U. Iowa leader briefs regents on athletics review

Associated Press Published: November 15, 2012
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IOWA CITY, Iowa (AP) — University of Iowa President Sally Mason privately briefed leaders of the school's governing board Thursday as she continues to review the handling of an athletics department official who resigned after being accused of sexual harassment for years.

An Iowa Board of Regents official confirmed that Mason met with three members to discuss the case of Peter Gray, who resigned last week after an internal investigation accused him of improperly touching student-athletes and a range of other inappropriate conduct.

Regents had no comment after the meeting, which came a day after records showed that Gray had been fired from a previous job at Coastal Carolina University for poor performance before Iowa rehired him in 2002.

University spokesman Tom Moore said he expected the school to release more information about its review "in the near future."

From 1993 to 1995 and again from 2002 until last week, the 59-year-old Gray worked in Iowa's athletics student services and was most recently in charge of monitoring the academic progression of student-athletes.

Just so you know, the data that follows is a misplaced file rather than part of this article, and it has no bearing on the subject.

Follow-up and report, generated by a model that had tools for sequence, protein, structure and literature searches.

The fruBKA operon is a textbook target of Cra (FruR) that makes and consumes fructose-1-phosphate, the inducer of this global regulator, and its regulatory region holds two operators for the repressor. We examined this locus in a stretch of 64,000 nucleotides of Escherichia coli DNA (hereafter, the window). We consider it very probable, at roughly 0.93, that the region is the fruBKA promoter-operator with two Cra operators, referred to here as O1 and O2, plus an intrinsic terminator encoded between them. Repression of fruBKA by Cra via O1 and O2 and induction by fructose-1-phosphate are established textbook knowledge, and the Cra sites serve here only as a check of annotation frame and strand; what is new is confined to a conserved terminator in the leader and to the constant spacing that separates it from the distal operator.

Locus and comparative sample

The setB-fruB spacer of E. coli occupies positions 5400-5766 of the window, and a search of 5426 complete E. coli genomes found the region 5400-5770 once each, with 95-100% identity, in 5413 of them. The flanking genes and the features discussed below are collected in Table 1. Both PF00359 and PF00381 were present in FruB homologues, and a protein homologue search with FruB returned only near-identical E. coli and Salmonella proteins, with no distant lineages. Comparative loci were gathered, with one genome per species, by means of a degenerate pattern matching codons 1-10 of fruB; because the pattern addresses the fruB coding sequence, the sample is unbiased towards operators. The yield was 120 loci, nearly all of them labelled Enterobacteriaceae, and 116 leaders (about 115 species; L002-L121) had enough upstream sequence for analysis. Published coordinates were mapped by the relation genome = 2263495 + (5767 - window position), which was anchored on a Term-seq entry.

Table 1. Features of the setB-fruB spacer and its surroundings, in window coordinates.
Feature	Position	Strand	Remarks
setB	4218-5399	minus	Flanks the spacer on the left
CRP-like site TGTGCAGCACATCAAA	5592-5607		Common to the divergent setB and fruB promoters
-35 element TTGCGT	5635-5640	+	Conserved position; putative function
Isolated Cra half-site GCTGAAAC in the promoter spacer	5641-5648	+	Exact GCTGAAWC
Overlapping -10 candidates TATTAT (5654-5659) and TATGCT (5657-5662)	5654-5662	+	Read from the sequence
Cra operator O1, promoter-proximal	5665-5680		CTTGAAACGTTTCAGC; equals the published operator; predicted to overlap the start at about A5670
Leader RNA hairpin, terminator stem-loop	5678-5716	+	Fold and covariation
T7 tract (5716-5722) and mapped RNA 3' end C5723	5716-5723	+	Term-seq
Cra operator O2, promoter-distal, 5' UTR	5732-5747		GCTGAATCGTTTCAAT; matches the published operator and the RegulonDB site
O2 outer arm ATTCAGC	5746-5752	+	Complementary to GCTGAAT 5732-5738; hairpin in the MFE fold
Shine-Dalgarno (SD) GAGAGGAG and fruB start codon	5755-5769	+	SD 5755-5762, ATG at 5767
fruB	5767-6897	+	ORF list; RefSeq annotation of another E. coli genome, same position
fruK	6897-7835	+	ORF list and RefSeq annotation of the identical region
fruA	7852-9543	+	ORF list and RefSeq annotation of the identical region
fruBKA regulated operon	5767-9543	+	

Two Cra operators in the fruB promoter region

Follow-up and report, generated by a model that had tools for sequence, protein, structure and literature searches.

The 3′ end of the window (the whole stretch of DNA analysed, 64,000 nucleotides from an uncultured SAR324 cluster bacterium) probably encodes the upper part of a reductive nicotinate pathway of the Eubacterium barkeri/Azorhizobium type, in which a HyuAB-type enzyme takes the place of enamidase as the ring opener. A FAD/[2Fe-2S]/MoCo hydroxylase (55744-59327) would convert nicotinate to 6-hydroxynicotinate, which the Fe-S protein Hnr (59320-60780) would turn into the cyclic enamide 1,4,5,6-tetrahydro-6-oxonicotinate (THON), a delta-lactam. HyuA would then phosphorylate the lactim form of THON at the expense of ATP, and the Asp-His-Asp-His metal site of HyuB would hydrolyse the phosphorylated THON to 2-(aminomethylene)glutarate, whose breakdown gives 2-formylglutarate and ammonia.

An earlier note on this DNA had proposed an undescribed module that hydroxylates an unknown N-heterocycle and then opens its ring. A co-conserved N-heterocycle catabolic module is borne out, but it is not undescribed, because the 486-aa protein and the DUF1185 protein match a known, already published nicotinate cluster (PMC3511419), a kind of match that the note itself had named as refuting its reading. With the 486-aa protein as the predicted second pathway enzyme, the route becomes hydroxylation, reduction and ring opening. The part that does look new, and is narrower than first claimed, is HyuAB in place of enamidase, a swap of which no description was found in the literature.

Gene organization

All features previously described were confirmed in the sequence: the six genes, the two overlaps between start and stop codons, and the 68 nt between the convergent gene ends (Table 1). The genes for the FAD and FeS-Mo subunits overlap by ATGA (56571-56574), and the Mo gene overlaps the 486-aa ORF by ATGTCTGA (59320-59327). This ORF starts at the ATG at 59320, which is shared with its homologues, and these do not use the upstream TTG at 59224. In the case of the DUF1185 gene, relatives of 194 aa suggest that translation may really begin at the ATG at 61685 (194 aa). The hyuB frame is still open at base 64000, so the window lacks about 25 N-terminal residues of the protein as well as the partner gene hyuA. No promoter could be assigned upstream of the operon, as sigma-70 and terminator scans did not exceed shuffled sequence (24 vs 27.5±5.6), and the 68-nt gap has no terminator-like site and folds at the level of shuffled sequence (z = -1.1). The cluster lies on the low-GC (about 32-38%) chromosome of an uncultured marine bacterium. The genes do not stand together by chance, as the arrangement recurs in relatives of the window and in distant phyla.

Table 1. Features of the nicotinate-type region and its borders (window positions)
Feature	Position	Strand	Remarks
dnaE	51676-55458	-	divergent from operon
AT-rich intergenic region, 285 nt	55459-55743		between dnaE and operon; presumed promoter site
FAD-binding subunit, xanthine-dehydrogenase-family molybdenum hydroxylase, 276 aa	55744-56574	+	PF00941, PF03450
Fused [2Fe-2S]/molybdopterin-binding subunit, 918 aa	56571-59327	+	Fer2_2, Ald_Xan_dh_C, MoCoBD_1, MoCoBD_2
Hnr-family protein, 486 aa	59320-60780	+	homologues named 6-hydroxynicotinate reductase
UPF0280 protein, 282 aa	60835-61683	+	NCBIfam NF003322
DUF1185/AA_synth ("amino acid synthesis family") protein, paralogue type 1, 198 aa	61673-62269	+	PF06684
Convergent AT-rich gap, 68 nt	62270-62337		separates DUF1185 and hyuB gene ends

Employees told investigators from the university's Office of Equal Opportunity and Diversity that Gray's improper touching, which included shoulder massages and hugging, continued throughout both employment terms despite complaints from coworkers, coaches and at least one athlete.

Investigators said Gray had traded football tickets for nude photographs with someone outside the university and had inappropriate photographs on his work computer, including a screen saver of the men's swimming team and individuals engaged in sex acts with stuffed animals or toys. Gray is not under criminal investigation.

The case raises questions about why Gray was rehired, what prompted the university to take action now, and whether earlier complaints were effectively addressed. Critics have also wondered why Gray was allowed to resign rather than be fired and whether the university wanted to keep the matter quiet since it only became public because the Iowa City Press-Citizen obtained the confidential investigation report.

Gray, meanwhile, has picked up support from some former athletes who credit him for working long hours to help them academically.

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